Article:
• iodine deficiency causes cretinism (lack of growth in childhood),
• giving iodine can cure an enlarged thyroid, and
• giving a patient malaria could treat the brain damage caused by syphilis.
Scientists later learned that a prolonged, high fever does not cure non-syphilitic schizophrenia, even if it can kill the germ that causes syphilis.
The Nobel Prize-Winning Experiment
In 1917, Wagner-Jauregg injected blood from a German soldier infected with malaria into nine of his patients who were suffering from paresis, schizophrenic-like brain damage caused by syphilis. After 7-12 days of very high fevers, the patients were given quinine to treat the malaria and Neosalvarsan to treat syphilis. One died, two were sent to insane asylums, and six improved dramatically. However, four of these six later suffered further brain damage, but two recovered completely (Psychiatrike. 2013;24(3):208-12). Subsequent studies showed that about 50 percent of patients responded to this fever treatment and improved enough to be released from insane asylums. Of those released from the asylum, 50 percent had no recurrence, but about 15 percent died from complications of malaria (Science. 2013;342(6159):686).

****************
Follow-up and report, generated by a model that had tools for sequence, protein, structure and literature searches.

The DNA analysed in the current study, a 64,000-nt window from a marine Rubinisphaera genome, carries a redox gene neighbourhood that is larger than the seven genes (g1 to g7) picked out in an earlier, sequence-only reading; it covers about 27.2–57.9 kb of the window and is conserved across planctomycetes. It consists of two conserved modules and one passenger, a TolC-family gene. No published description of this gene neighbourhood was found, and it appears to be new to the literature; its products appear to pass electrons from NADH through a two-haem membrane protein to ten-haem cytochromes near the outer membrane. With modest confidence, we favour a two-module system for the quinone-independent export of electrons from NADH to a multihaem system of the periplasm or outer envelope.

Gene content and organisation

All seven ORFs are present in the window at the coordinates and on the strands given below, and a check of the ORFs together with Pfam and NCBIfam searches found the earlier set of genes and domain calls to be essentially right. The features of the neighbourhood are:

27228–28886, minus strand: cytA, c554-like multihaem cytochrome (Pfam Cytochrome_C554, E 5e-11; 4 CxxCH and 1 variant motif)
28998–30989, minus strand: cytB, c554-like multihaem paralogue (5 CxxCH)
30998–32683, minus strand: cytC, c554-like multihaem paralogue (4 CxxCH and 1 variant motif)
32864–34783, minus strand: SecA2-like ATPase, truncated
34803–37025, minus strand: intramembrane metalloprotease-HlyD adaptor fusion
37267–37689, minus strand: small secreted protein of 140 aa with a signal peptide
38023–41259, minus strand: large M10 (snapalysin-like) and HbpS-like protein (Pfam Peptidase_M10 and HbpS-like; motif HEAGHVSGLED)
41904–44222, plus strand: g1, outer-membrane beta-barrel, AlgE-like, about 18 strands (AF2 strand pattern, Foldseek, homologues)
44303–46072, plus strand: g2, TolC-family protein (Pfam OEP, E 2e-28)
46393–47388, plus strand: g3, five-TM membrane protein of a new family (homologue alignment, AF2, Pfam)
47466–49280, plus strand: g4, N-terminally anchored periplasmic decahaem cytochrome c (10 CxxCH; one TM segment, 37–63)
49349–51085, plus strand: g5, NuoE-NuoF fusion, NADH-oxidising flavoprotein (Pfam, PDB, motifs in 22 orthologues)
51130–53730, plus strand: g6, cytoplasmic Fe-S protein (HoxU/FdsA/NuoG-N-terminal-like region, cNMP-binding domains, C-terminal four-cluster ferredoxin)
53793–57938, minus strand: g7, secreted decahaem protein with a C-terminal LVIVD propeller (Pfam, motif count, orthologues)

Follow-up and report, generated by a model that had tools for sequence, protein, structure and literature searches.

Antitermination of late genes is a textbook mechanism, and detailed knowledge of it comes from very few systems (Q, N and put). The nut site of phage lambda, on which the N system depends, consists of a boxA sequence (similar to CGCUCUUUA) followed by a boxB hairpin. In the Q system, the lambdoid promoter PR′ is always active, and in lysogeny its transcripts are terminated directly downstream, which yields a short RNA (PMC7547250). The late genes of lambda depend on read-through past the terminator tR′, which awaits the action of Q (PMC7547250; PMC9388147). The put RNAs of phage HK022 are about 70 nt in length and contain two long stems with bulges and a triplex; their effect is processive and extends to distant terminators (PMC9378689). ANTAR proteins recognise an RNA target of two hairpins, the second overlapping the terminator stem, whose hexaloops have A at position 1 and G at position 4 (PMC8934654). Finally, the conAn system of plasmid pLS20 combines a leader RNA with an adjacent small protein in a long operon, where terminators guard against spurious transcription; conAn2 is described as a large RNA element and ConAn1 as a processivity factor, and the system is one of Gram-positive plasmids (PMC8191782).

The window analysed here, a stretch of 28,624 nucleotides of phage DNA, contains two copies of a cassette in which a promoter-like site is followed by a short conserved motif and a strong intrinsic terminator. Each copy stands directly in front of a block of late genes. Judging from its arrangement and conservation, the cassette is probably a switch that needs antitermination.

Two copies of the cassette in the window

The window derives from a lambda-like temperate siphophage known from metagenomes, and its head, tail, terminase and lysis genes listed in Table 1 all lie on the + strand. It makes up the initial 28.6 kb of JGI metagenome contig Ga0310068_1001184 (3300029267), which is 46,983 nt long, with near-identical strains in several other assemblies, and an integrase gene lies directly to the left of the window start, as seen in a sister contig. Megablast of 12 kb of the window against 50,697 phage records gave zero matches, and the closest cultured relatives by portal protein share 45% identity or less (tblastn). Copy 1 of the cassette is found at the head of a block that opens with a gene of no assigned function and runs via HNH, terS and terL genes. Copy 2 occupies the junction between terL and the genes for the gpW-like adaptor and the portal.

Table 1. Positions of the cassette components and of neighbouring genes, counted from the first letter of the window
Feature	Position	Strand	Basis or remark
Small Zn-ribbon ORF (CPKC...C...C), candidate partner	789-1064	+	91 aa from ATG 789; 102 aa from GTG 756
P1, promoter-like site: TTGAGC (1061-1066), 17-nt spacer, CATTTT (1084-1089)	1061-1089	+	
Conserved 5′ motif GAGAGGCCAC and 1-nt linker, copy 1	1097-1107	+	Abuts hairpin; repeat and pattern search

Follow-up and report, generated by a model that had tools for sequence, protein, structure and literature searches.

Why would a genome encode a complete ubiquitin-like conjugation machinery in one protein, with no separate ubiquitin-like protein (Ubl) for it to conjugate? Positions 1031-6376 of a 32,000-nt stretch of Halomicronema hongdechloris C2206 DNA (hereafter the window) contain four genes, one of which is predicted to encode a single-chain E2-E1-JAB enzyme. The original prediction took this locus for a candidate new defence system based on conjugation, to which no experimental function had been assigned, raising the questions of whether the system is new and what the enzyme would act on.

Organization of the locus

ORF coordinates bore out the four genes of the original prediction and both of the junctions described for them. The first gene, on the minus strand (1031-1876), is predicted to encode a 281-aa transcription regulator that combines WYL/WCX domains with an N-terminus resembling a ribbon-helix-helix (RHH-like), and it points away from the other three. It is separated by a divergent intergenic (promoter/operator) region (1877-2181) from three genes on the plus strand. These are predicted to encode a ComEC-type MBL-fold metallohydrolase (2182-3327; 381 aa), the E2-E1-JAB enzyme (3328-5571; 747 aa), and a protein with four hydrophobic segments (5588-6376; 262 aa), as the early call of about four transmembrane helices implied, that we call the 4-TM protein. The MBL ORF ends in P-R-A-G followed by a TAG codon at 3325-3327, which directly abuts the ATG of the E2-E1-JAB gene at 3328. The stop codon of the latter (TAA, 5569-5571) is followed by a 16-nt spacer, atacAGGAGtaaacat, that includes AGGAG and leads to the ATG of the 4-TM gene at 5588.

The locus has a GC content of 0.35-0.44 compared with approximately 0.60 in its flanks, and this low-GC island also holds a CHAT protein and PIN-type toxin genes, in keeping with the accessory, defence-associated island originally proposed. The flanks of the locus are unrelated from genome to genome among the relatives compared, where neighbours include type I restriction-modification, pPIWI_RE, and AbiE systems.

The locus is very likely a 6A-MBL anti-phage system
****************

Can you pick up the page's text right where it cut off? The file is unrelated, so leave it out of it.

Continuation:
Temperatures above 105.8 F (41 Celsius) for at least six hours can kill the bacterium that causes syphilis. However, the brain can be permanently damaged by temperatures that high for that long.
Driven by a Lack of Compassion
Wagner-Jauregg did far more than infect people with malaria. After World War I, he was accused of abusing soldiers suffering from "shell shock", known today as Post Traumatic Stress Disorder (PTSD), by giving them incredibly painful electrical shock treatments. At Wagner-Jauregg's court trial for abusing German soldiers, Freud testified that he did not think that Wagner-Jauregg was cruel to soldiers, but that these people were not malingerers, and were victims of their subconscious that could be treated with psychoanalysis to make them realize how events in their past made them more susceptible to the trauma of warfare.